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Writings by Ravenshymn

Written by ActsofArt

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Submitted on
December 15, 2012
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Once upon a summer's evening, while the sunlight hours were weaning,
Nothing stirred the radiant sunset spread across the lakeside shore.
Here no whispering wind was playing, not a blade of grass was swaying,
Only was a silence braying quiet future held in store.
Where the corpses lay a silence echoed future held in store:
           Thoughtless silence, evermore.

Faces tell of "Fire!" of Death's kiss, bodies cold, wide-eyed, and breathless;
Products, in this dying light, of yet another glorious war.
Then the shade began revoking Nature's silence with its croaking,
Spurning peace by slowly choking perished spirits on this shore.
Bearing sacred truth the Raven swallows spirits on this shore:
           With the maxim, Nevermore.
EDIT: If you're watching me and wondering why this appeared again, it's because I edited the poem a bit and I was wondering what you think (better? worse? both? neither?). Kind of a big deal edit too, because I actually changed the first stanza quite a bit. And the title, which used to be Death on Silent Shore The old lines read:

"Once upon a summer's evening, as the sun began it's dreaming,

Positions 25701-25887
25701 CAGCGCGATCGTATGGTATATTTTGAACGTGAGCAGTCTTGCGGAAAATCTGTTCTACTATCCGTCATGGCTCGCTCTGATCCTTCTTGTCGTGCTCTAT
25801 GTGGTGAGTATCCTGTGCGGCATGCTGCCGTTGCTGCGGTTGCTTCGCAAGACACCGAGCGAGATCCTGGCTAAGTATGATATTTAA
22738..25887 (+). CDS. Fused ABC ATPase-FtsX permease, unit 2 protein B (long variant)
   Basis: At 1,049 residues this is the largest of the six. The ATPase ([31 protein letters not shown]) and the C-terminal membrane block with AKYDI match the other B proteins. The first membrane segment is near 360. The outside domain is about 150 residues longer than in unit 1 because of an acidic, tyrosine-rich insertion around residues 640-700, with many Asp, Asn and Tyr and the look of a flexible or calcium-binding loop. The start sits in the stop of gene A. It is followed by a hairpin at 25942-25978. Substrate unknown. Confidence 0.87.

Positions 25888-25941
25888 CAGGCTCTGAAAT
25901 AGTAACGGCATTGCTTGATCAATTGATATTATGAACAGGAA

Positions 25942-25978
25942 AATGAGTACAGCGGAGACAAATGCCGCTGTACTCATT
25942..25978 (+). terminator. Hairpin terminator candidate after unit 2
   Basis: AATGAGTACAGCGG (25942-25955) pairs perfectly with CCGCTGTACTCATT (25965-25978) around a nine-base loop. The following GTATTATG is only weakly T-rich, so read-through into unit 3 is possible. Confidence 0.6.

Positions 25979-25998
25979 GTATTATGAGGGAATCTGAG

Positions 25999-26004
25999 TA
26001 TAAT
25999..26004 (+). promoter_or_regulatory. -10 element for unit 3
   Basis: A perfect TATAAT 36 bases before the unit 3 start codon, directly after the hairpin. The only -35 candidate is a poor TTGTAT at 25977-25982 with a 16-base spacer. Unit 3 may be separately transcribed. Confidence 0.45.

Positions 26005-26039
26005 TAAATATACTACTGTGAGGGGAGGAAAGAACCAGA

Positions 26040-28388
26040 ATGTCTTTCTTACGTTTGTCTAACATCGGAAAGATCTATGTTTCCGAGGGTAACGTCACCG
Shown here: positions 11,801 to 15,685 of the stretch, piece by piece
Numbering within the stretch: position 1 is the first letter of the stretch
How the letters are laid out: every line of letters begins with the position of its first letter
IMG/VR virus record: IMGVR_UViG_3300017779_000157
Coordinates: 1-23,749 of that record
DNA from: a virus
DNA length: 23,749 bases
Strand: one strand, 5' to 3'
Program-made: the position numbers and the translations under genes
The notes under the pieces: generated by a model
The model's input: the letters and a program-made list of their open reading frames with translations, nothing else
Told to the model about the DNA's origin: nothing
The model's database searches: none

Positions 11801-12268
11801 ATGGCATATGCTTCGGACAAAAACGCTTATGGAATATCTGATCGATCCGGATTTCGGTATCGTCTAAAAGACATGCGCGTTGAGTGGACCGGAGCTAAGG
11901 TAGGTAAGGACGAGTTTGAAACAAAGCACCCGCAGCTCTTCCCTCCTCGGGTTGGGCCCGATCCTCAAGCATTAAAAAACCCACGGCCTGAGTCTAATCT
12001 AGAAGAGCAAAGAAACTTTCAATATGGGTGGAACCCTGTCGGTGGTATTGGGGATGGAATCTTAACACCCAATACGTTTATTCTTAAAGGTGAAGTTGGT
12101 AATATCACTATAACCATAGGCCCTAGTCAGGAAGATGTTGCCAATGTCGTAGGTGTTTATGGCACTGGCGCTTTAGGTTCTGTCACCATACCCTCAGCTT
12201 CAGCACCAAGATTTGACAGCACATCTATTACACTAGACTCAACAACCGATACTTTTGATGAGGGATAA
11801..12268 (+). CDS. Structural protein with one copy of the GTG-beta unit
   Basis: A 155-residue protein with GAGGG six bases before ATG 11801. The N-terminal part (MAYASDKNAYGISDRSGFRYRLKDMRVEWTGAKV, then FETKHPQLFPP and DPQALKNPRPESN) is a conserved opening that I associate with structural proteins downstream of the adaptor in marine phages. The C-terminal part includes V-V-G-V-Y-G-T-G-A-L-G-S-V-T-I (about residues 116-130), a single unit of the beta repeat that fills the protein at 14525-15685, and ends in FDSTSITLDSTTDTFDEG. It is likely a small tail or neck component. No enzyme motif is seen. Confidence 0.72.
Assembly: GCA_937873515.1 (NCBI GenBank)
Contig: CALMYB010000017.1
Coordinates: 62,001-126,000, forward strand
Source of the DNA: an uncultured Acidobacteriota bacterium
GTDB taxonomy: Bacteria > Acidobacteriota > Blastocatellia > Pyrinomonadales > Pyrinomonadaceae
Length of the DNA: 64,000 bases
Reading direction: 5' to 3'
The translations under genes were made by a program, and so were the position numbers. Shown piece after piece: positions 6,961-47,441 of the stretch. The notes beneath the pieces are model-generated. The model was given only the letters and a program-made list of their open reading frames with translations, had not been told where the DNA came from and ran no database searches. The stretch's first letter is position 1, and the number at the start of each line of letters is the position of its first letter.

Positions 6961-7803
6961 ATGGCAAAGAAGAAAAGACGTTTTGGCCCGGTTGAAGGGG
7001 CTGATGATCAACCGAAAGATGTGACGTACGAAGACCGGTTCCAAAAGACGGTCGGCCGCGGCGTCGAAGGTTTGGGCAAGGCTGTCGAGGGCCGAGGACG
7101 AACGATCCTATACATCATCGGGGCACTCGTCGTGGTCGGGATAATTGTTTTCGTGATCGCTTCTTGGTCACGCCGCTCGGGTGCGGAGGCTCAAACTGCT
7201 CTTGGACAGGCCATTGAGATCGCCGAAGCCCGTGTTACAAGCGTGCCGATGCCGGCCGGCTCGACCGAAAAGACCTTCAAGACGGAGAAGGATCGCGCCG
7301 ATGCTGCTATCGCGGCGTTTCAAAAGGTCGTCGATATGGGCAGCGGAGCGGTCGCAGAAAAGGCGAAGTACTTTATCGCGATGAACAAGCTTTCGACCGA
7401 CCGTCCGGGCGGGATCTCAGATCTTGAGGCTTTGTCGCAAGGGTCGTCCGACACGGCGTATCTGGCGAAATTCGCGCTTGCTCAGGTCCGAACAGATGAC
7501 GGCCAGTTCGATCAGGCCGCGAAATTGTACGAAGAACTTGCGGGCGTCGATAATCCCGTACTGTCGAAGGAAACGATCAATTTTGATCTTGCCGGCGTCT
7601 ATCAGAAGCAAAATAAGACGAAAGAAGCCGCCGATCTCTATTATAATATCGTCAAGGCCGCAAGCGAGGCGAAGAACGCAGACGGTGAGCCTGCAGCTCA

Nothing stirred the radiant sunset spread across the lakeside shore.
Empty, silent peace surrounded, on the fields the silence sounded,
Silently through trees rebounded, echoed future held in store.
Where the corpses lay a silence echoed future held in store:
           Thoughtless silence, evermore."

I wanted the first line to actually rhyme, and for that I was willing to sacrifice the metaphor which I had stubbornly held on to before >.<. I also wanted to change the focus and the sound of the middling lines. I felt like there was too much emphasis on silence, and I wanted it to be about both silence and stillness. I also felt like the words I used were too harsh and loud sounding, so I changed them to things that, to me, seem much softer, quieter, more still if you catch my drift.

The poem format is borrowed from Edgar Allen Poe's The Raven.
If you aren't familiar with the Raven, you should go read it ^.^ and then read it again, and then if you read it another time it might start to make sense
But it's really beautiful!

Comments, critiques, suggestions are all welcome. I'm a tough cookie! I can handle criticism
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ActsofArt Featured By Owner Aug 22, 2013  Hobbyist Traditional Artist
wow! amazing job!!

The only thing I might say is it's far shorter than The Raven was, which might be why it seems somewhat, I'm not sure exactly, it's like in poe's raven he had a set pattern that helped it flow because he had room to build and expand on what came before.